Ojibwa artist Bonnie Devine tackles colonial expansion across Great Lakes in ‘Watershed’ exhibit

University of Michigan Museum of Art’s latest exhibit highlights Indigenous displacement and environmental issues relating to water

Jul 14, 2022 at 4:50 pm
click to enlarge Bonnie Devine works on her mural, "The Gift." - Christopher Ankney
Christopher Ankney
Bonnie Devine works on her mural, "The Gift."

Ojibwa artist Bonnie Devine breathes life onto the walls as she paints a mural of the five lakes at the University of Michigan Museum of Art. Her paintbrush tells the story of Anishinaabe land that was violently stolen, with spiritual connections and a harmonious life with nature disrupted by colonization.

The Anishinaabe are the original inhabitants of the Great Lakes region, including Michigan and parts of Canada. Metro Detroit is Anishinaabe land.

Devine’s mural, titled “The Gift, " is part of a new exhibit at the University of Michigan Museum of Art called Watershed. The historic and continued displacement of Anishinaabe people from their ancestral lands is a resonating theme of the exhibit, which is on display now until Oct. 23.

Visitors can watch Devine in action as she works on the mural in the museum space until its completion. The show also features work from 14 other international and local artists, ranging from sculpture, photography, and paintings exploring political and personal narratives surrounding the Great Lakes, while looking at water as a source of hope.

For the first time in the museum’s history, exhibit descriptions will be both in English and Anishinaabemowin, the Anishinaabe language.

Beyond simply a mural, Devine refers to “The Gift” as a portrait, since the lakes are considered the great givers of life in the Anishinaabe tradition.

“I was always taught that the lakes are conscious, animate beings that are radiating out this life, so the be able to paint that is great,” she tells Metro Times. “Actually, we were taught that everything is animate and nothing is above another thing. We are so interdependent and connected … I have drunk the water from those lakes all my life. The fish that we eat, the meat that we eat, the plants, everything is imbued with the water from those lakes.”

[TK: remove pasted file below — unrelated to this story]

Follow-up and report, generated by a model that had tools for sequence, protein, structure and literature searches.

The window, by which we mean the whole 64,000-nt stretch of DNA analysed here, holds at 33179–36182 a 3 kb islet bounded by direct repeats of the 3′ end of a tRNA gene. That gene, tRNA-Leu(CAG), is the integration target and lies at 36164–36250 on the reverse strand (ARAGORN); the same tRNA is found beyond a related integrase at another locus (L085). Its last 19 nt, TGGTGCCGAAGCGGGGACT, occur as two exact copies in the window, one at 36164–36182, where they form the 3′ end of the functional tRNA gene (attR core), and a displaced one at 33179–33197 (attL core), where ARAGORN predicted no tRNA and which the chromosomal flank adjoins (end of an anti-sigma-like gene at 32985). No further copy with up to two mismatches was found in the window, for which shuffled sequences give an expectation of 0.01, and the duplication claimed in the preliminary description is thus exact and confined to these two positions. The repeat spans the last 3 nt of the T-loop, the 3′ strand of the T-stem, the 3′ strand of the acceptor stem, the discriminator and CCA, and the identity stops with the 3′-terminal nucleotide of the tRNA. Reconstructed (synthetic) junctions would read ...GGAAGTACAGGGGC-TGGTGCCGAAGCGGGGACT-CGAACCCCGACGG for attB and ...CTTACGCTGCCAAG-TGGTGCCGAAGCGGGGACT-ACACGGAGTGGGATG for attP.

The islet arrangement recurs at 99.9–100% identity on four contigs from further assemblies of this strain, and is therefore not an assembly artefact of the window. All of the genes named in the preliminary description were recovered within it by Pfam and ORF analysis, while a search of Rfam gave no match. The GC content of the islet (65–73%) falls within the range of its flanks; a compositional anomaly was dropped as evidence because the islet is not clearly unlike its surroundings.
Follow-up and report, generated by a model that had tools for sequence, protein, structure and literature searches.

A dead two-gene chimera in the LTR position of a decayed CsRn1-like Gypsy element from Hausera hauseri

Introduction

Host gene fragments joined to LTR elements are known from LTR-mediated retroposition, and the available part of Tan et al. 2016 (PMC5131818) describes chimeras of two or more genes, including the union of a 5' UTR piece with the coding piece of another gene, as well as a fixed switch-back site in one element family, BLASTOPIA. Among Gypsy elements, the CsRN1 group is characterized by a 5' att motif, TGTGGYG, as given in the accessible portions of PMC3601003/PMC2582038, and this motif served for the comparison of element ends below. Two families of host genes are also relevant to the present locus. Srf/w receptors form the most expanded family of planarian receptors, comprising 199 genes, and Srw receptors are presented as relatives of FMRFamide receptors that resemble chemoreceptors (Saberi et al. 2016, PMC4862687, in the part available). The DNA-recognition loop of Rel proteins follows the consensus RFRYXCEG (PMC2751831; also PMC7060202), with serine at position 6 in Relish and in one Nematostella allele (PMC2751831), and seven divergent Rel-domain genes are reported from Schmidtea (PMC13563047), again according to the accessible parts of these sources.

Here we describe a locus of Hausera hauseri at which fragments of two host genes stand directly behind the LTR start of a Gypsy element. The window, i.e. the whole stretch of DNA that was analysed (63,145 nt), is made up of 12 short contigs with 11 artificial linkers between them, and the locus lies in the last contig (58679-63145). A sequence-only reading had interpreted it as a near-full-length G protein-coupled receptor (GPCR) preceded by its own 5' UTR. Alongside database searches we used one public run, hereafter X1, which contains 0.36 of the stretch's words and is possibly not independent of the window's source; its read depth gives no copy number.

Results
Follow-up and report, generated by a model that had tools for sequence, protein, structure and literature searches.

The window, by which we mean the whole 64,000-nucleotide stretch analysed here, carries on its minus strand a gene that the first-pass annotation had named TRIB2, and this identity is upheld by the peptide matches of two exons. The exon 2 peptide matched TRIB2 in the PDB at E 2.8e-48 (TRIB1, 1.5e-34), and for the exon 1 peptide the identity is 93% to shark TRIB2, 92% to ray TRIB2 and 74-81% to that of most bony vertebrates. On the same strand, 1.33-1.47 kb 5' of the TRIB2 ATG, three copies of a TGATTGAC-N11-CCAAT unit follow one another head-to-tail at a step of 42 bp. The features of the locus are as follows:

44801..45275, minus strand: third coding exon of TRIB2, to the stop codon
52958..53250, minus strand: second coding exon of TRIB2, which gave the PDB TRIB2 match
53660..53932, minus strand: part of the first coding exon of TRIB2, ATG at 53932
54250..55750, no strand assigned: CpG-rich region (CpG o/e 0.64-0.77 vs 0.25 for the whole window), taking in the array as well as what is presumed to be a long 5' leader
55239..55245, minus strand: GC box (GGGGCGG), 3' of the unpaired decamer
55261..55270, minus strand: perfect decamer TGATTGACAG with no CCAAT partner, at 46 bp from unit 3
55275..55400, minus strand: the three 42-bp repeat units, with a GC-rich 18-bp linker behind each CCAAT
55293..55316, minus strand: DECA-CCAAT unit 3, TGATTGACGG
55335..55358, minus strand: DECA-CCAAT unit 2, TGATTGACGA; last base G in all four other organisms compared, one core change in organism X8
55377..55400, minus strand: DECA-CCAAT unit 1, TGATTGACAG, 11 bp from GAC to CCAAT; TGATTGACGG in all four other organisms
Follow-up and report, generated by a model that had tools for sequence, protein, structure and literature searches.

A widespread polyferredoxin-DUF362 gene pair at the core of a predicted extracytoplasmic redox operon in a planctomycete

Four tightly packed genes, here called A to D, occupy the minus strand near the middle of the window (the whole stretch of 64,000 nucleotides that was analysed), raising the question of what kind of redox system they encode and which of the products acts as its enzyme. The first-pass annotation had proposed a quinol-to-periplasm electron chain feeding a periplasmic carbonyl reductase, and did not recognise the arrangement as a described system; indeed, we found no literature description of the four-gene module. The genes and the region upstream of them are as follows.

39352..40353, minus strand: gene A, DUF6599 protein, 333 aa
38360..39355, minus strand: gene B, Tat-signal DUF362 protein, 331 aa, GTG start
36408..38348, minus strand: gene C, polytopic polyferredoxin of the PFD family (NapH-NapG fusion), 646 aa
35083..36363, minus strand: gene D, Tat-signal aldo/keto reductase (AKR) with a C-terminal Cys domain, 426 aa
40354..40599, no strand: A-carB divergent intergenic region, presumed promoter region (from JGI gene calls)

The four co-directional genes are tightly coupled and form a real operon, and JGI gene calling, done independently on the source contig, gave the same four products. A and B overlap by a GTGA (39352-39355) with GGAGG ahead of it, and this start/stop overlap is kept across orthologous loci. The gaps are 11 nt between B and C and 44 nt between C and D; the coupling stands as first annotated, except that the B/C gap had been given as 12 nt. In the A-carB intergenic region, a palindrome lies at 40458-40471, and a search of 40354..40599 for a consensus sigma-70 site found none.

Devine is based in Toronto, where she grew up. Her family comes from the Serpent River First Nation reserve on the north shore of Lake Huron in Ontario. While the reservation is only about 14 miles long, Devine says the territory was much more expansive prior to the Robinson-Huron Treaty in 1850.

“We reckon our people have been there 10,000 or 12,000 years,” she says. “Our territory was an enormous woodland and now it’s a tiny sliver of land along the lake, so I’m aware of the incredibly potent economic loss that was to my family. It meant we went from being well-nourished, well-clothed, traveled people that had free access to all of the lands around them and all of the waters. We became impoverished after 1850, and still are facing economic impediments.”

She adds, “when we talk about what the United States or Canada or capitalists think of as wealth, and we talk about what Indigenous people think of as wealth, for us, wealth means health — being able to care of your family, being able to care for your community, having mobility being able to be exposed to various cultures and languages and all of that was taken away.”

Visually, “The Gift” is a map of the Great Lakes with a road cutting across the region to symbolize how it was divided to sell plots of land and create political strongholds where governments could establish sovereignty over the land.

click to enlarge A rendering of Bonnie Devine's "The Gift." - Courtesy photo
Courtesy photo
A rendering of Bonnie Devine's "The Gift."

“The road really is the most potent symbol that I could think of,” Devine says. “My initial thought was it’s going to be a highway ... and then I came across this beautiful pot of paint that is a stainless steel color. And as I was thinking this, it also became a pipeline. It becomes all those means by which goods, equipment, military interventions, all of those things that happened in straight lines in colonial times that completely disregard the contours of the land and the water.”

The mural will also feature two areas of handwritten text that honor the 1817 Treaty of Fort Meigs and memorialize Indigenous lives lost at government-run boarding schools in Michigan.